Sunday, June 22, 2008

Liturgical Translations

What with Bp. Traut-person objecting to the use of "ineffable" (oh, the humanity!) because after all, Catholics can't understand words with more than 2 syllables or something...

Along comes Bp. Seratelli of New Jersey, to set the record straight.

In Act III, Scene II of The Tragedy of Hamlet, the young prince gives this advice: “Suit the action to the word, the word to the action.”

...In his popular rhetorical guide, De duplici copia verborum ac rerum, Erasmus, the 16th century Dutch humanist and theologian, showed students 150 different styles they could use when phrasing the Latin sentence, Tuae literae me magnopere delectarunt (Your letter has delighted me very much). Clearly, no single translation of any sentence or work will ever completely satisfy everyone. Even the best of all possible translations of the new Missal will have its critics.

But there is something more at stake than pleasing individual tastes and preferences in the new liturgical translations. The new translations aim at a “language which is easily understandable, yet which at the same time preserves … dignity, beauty, and doctrinal precision” (Liturgiam Authenticam, 25). The new translations now being prepared are a marked improvement over the translations with which we have become familiar. They are densely theological. They respect the rich vocabulary of the Roman Rite. They carefully avoid the overuse of certain phrases and words.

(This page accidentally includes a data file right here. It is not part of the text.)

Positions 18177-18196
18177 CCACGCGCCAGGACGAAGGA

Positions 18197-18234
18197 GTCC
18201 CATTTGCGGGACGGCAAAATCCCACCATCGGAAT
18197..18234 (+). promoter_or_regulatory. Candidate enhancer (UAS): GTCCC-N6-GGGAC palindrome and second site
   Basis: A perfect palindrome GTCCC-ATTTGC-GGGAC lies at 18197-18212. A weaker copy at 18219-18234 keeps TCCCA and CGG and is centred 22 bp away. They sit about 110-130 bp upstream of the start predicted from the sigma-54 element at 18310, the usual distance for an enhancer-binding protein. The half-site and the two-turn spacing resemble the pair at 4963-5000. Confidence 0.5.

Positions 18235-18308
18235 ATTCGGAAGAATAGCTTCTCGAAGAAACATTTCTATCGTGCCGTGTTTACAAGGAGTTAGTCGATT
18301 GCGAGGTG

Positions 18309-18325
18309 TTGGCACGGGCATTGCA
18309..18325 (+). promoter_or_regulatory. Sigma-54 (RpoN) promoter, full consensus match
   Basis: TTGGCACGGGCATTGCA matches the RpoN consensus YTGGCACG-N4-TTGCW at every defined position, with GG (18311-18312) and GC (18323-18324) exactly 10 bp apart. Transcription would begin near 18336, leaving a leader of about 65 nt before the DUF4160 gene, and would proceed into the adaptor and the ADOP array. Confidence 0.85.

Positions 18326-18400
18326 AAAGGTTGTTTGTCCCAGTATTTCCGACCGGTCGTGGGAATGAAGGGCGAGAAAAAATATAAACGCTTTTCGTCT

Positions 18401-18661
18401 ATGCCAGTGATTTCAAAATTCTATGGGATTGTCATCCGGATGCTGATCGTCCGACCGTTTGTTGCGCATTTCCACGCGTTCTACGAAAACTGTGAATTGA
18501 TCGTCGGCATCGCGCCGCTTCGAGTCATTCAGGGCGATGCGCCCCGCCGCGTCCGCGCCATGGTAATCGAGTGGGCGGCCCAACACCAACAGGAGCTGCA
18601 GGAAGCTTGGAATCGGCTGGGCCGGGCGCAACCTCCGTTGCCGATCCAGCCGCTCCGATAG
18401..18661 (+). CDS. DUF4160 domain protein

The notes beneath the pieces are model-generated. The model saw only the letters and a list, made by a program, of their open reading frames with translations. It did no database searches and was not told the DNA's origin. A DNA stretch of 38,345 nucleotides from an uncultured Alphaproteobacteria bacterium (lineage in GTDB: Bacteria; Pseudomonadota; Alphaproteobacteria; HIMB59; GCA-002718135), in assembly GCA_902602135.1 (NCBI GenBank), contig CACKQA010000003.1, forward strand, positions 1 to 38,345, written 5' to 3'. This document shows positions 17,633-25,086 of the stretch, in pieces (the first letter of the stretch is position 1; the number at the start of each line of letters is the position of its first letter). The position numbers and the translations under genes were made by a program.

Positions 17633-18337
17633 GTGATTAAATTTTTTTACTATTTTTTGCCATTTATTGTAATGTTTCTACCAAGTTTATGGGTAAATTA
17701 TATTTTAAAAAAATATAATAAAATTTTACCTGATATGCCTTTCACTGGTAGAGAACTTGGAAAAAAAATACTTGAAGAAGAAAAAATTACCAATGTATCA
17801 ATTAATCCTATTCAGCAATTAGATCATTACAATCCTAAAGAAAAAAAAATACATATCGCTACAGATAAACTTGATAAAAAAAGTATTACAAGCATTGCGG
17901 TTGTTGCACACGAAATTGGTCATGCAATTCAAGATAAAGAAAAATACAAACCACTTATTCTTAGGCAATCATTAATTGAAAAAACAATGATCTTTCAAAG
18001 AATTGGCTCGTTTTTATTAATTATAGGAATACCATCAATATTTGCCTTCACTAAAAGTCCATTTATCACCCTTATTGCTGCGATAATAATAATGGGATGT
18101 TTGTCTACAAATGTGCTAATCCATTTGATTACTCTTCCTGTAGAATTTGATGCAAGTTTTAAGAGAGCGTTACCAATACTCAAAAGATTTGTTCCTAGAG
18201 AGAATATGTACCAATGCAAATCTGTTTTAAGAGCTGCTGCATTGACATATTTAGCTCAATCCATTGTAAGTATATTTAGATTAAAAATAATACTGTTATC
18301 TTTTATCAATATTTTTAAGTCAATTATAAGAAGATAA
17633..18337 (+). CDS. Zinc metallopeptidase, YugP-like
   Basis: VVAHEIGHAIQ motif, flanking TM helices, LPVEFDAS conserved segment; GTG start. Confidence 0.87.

...Liturgical language should border on the poetic. Prose bumps along the ground. Poetry soars to the heavens. And our Liturgy is already a sharing of the Liturgy in heaven.

...There is more to the Liturgy than the human language of any age or any one country. In the new translations of the Roman Missal, a conscious effort is being made to suit the human word to the divine action that the Liturgy truly is. As Pope Benedict XVI has said, the “central actio of the Mass is fundamentally neither that of the priest as such nor of the laity as such, but of Christ the High Priest: This action of God, which takes place through human speech, is the real "action" for which all creation is in expectation… This is what is new and distinctive about the Christian liturgy: God himself acts and does what is essential”

There's more at the link.

The Furies will screech, no doubt. Let 'em.

One other benefit of an elevation in the language: children will learn more and better English. In not a few cases, I suspect that they will become more literate than some of the Bishops.

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